©Jim French, "Untitled (Sailor)" c.1967-9, Vintage Polaroid print (Unique), Courtesy of ClampArt, NYC.
Jim French’s Polaroids
A new show exploring male erotica
Jim French‘s show of vintage polaroids is now on view at ClampArt in Chelsea. Shot in the late sixties the exhibition titled ‘Tinker, Tailor, Soldier, Sailor‘ and the new book by the same name opened my eyes to a true pioneer in the world of recording the male physique. Better recognized by his pseudonym Rip Colt and the legendary Colt Studio he founded, French “…known for his perfectionism created classically-inspired and wonderfully composed photographs that largely established a standard and approach for the visual ideal of male sexual beauty.” Originally used as source material for his homoerotic drawings, the polaroids stand as a testament to the influence French had on such luminaries as Mapplethorpe, Bruce Weber and Herb Ritts that followed.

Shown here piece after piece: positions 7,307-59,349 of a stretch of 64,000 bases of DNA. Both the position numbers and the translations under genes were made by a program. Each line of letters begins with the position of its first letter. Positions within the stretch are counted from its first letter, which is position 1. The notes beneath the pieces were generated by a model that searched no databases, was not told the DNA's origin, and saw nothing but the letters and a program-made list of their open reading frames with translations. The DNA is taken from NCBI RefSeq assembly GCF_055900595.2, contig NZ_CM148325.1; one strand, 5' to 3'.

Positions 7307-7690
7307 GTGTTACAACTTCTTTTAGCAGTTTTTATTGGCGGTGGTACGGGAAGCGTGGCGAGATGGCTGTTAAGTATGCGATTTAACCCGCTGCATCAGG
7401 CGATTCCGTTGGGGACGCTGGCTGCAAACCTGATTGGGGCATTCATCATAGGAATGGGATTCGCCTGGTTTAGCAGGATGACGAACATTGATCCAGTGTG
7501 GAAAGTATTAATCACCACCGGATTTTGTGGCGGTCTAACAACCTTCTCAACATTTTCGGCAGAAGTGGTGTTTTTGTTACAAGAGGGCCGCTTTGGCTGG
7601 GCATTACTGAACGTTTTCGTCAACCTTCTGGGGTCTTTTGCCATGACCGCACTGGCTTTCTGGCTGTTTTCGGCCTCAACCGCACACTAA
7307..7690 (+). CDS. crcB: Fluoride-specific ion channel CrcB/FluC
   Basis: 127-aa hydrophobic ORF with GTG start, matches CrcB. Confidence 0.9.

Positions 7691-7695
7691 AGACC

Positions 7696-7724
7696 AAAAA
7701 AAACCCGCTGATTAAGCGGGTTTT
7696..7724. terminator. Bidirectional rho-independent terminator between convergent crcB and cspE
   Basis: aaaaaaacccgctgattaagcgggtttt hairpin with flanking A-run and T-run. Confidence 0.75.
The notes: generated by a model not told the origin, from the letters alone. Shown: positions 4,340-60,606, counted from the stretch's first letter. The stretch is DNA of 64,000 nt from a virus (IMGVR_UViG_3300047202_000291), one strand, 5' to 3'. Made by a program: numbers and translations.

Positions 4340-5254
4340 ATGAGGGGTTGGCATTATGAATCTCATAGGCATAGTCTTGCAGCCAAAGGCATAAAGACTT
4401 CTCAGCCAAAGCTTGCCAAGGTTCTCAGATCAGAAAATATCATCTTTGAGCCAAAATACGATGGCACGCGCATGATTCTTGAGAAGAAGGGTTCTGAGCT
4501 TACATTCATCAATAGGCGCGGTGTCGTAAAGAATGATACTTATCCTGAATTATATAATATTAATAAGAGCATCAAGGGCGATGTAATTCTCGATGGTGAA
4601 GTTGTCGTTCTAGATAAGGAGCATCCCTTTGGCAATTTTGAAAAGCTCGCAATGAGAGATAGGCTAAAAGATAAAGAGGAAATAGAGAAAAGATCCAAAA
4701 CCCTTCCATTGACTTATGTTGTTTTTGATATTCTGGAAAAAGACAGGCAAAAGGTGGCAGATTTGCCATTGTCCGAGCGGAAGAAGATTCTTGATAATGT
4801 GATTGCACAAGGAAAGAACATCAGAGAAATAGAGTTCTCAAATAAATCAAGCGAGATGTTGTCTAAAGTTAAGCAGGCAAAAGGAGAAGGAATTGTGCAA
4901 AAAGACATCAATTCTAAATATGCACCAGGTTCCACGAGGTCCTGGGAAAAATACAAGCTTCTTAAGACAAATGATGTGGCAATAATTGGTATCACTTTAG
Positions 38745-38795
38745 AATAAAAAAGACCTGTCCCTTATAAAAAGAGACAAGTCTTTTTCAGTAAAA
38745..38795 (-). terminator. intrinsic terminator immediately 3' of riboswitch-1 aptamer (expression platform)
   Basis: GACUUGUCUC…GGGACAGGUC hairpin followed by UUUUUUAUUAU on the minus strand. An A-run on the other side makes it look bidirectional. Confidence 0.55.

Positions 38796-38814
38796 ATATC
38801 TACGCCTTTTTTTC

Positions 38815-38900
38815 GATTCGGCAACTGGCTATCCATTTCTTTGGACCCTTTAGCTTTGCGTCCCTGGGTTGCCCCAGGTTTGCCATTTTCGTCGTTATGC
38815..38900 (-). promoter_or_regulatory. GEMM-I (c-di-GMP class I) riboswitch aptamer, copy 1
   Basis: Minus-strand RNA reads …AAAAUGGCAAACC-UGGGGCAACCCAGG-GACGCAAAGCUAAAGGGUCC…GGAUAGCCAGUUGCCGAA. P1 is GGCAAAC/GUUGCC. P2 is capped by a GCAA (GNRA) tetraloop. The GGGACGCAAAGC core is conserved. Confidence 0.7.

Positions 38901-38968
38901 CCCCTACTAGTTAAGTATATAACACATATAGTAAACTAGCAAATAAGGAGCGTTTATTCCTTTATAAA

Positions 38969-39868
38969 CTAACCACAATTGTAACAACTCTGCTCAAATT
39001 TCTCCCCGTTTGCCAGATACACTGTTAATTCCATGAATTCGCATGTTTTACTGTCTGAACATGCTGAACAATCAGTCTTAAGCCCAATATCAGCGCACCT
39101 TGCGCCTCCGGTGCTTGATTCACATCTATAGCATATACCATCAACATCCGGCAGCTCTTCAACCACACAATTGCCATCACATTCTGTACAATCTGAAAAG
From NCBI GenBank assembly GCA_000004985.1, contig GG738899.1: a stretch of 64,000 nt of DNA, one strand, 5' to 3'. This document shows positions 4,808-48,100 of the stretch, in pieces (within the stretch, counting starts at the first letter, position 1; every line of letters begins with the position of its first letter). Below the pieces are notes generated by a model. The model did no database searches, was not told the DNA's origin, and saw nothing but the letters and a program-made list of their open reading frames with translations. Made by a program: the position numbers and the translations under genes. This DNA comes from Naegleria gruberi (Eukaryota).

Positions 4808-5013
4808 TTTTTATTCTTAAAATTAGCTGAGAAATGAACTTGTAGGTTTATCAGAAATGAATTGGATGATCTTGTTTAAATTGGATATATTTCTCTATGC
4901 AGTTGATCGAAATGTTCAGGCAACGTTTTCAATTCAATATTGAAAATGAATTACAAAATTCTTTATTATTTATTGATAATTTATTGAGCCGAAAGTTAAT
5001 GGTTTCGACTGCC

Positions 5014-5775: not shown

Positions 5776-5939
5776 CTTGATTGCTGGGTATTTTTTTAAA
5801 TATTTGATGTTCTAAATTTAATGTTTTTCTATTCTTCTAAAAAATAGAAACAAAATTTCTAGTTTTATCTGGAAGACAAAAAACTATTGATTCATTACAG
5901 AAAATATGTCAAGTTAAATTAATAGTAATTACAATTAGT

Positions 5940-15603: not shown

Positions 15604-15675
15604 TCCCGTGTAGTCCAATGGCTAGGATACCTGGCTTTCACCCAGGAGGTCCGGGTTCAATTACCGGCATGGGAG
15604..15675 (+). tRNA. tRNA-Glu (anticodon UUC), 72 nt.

We were fortunate enough to reach out to the 81 year old artist in his abode in Palm Springs and ask a couple of questions. Here’s what he had to say:
How did you find all these gorgeous men? Go to a gym: Throw $100.00 bills in the air.
When did you take your first photograph, can you describe it? Sometime around 1960. He was an airline pilot on vacation. The location was a barn in Sausalito. He loved his body, but who wouldn’t?
What photographers influenced your work? Richard Avedon, Annie Leibovitz, Patrick Demarchelier.
How do you describe the original Colt aesthetic? The idea behind my Colt Studio was to present drop dead handsome men in ways that were creative, original and erotic.
Your polaroids are in pristine condition, how did you know to archive everything so impeccably? I bought a Polaroid camera when I was visiting Florida. I was instructed by a Polaroid salesman.
How did your military service influence your work? It helped teach me how to observe.
Did you ever date any of your subjects? Yes, one. We have now been together for 29 years.
We love Palm Springs, how did you end up there? I very often worked here when the weather permitted, and I dreaded more and more having to return to noisy, crowded Los Angeles.
Can we come visit you in Palm Springs? Of course. The weekday rates are much more reasonable.